ARCHBISHOP Bathersby’s Advent Pastoral Letter presented all people of faith in this archdiocese with a very important challenge as we prepare to celebrate the entrance of Christ into human history once again in the coming weeks and apply our faith experiences to the Synod of 2003 a little further down the track.
The challenge was for all of us to engage as much as we can in the mission of our Church. It is not something optional, as he highlighted, but rather an integral part of what it means to be part of the Church.
Advent should be a time for us to reflect on whether we are contributing all we can to furthering the reign of God in our time.
If we only pay lip service to what we proclaim in our creed each Sunday then we are not effective witnesses to the Gospel.
We cannot afford to be spectators, but rather we must be active participants.
Every one of us must contribute our various gifts to the life of the Church both locally and abroad.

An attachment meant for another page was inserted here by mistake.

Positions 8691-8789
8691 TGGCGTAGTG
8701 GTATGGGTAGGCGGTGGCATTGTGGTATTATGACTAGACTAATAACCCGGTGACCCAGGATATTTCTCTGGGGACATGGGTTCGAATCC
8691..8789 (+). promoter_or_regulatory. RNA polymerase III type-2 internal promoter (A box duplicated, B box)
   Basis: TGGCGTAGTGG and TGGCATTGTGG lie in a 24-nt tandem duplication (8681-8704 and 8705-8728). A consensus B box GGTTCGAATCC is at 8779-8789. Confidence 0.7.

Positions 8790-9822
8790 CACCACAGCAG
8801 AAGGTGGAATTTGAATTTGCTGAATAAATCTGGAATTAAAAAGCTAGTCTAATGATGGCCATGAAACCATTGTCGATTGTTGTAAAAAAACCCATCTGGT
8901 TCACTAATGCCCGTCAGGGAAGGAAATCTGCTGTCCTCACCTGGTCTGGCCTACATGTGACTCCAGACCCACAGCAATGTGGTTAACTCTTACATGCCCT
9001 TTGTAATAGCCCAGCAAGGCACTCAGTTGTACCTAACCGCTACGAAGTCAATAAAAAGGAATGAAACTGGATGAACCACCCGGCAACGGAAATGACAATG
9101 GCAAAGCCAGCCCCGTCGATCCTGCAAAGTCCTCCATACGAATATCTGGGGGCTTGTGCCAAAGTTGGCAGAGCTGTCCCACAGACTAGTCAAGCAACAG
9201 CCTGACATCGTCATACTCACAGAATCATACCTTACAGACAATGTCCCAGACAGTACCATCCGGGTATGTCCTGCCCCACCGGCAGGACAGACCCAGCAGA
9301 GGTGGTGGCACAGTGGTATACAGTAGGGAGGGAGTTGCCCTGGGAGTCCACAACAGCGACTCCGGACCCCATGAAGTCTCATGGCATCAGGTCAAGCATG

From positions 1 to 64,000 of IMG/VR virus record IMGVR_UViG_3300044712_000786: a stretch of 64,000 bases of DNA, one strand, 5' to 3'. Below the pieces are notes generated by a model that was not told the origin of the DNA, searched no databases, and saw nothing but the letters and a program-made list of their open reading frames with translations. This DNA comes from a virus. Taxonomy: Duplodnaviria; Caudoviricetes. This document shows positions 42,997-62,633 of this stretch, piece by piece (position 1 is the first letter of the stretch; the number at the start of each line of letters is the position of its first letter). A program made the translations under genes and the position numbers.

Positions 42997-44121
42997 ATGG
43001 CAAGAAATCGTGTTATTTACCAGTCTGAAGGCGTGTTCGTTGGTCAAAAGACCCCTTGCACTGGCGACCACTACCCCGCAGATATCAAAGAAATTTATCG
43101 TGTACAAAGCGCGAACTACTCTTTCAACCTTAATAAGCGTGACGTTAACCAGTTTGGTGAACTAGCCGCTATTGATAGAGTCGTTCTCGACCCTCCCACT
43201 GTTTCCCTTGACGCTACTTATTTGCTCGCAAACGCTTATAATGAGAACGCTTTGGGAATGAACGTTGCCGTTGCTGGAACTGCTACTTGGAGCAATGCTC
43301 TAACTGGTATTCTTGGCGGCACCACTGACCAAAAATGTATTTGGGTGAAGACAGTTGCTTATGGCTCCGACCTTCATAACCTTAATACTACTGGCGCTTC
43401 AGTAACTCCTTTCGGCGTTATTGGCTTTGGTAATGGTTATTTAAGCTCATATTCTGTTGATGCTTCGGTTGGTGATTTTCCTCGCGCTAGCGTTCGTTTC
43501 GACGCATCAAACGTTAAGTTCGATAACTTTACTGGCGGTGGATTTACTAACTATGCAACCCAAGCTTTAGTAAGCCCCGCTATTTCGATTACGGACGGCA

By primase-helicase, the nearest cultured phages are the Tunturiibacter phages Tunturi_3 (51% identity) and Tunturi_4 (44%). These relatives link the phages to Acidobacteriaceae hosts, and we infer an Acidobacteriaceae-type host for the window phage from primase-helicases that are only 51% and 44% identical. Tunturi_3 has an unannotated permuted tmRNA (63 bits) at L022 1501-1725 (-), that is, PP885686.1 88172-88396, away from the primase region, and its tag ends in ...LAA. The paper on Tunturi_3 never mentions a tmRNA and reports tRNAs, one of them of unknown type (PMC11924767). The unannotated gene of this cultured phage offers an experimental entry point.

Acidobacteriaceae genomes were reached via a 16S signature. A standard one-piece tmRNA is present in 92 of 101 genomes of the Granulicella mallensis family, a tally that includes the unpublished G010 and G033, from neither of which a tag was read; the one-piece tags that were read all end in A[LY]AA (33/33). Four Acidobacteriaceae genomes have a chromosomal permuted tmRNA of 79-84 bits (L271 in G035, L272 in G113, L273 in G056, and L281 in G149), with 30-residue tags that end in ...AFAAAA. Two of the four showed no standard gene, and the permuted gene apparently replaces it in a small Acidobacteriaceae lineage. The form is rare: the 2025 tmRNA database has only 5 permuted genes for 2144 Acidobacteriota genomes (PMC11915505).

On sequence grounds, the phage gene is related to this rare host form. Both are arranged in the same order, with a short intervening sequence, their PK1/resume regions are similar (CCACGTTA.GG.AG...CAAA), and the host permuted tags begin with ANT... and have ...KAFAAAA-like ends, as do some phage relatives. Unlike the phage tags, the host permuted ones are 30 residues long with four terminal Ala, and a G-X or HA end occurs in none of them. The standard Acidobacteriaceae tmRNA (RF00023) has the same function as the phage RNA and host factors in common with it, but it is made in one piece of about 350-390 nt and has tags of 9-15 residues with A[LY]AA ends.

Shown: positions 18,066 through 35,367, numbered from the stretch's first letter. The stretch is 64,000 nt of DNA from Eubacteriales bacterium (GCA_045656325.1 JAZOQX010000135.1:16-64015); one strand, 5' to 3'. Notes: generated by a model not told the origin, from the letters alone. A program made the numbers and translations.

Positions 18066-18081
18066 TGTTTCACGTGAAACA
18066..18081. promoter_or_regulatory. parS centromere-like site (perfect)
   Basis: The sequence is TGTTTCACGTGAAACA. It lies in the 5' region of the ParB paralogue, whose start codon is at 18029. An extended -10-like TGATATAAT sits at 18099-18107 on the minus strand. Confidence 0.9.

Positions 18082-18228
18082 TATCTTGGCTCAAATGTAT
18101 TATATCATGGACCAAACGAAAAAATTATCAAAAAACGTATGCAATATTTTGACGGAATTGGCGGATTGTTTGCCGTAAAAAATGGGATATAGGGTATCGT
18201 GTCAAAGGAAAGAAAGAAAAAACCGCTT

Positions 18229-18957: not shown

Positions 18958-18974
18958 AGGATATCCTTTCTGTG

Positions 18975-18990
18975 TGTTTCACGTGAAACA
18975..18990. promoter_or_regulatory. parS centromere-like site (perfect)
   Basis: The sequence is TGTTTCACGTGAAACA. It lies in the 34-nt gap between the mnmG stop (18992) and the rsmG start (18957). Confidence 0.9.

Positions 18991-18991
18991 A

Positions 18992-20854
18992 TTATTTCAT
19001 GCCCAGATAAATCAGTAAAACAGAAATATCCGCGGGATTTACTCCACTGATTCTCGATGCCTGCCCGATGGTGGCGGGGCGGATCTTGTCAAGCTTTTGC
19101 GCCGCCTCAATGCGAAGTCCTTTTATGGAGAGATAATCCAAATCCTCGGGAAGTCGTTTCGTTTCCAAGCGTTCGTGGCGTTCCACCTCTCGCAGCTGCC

It is vital to reflect on the meaning of his statement ‘communion and mission cannot be separated’.
For it is as a communion of faith-filled people that we share, in Archbishop Bathersby’s words, ‘the transformation of the world according to the vision of Christ, in order to create a civilisation of love’.
At the heart of this transformation is a desire for all to live in ‘justice, peace and freedom’.
This communion and mission of Church must be lived out in our archdiocese, in our parishes and faith communities if it is to bear an authentic witness and if it is to inspire those outside our Church to consider joining us on our common faith journey.
Part of living in community or communion in this way means an end to persecuting or ‘dobbing in’, in the name of orthodoxy, those who may have a different way of expressing their faith and devotion.
Rather, such differences present us with a rich opportunity for an inclusive dialogue learning what we can from each other – it may even prove to enrich the faith of all! As Jesus reminds us: ‘Whoever is not against us is for us’ (Mark 9:40).
At this point in our history, with the recent horrific atrocities committed by some in the name of their version of God, the mission and the transformation required for the reign of God in our world and in our Church has rarely been as urgent as it is now.
BRAYDEN ARGENT Archdiocesan director Catholic Mission Brisbane, Qld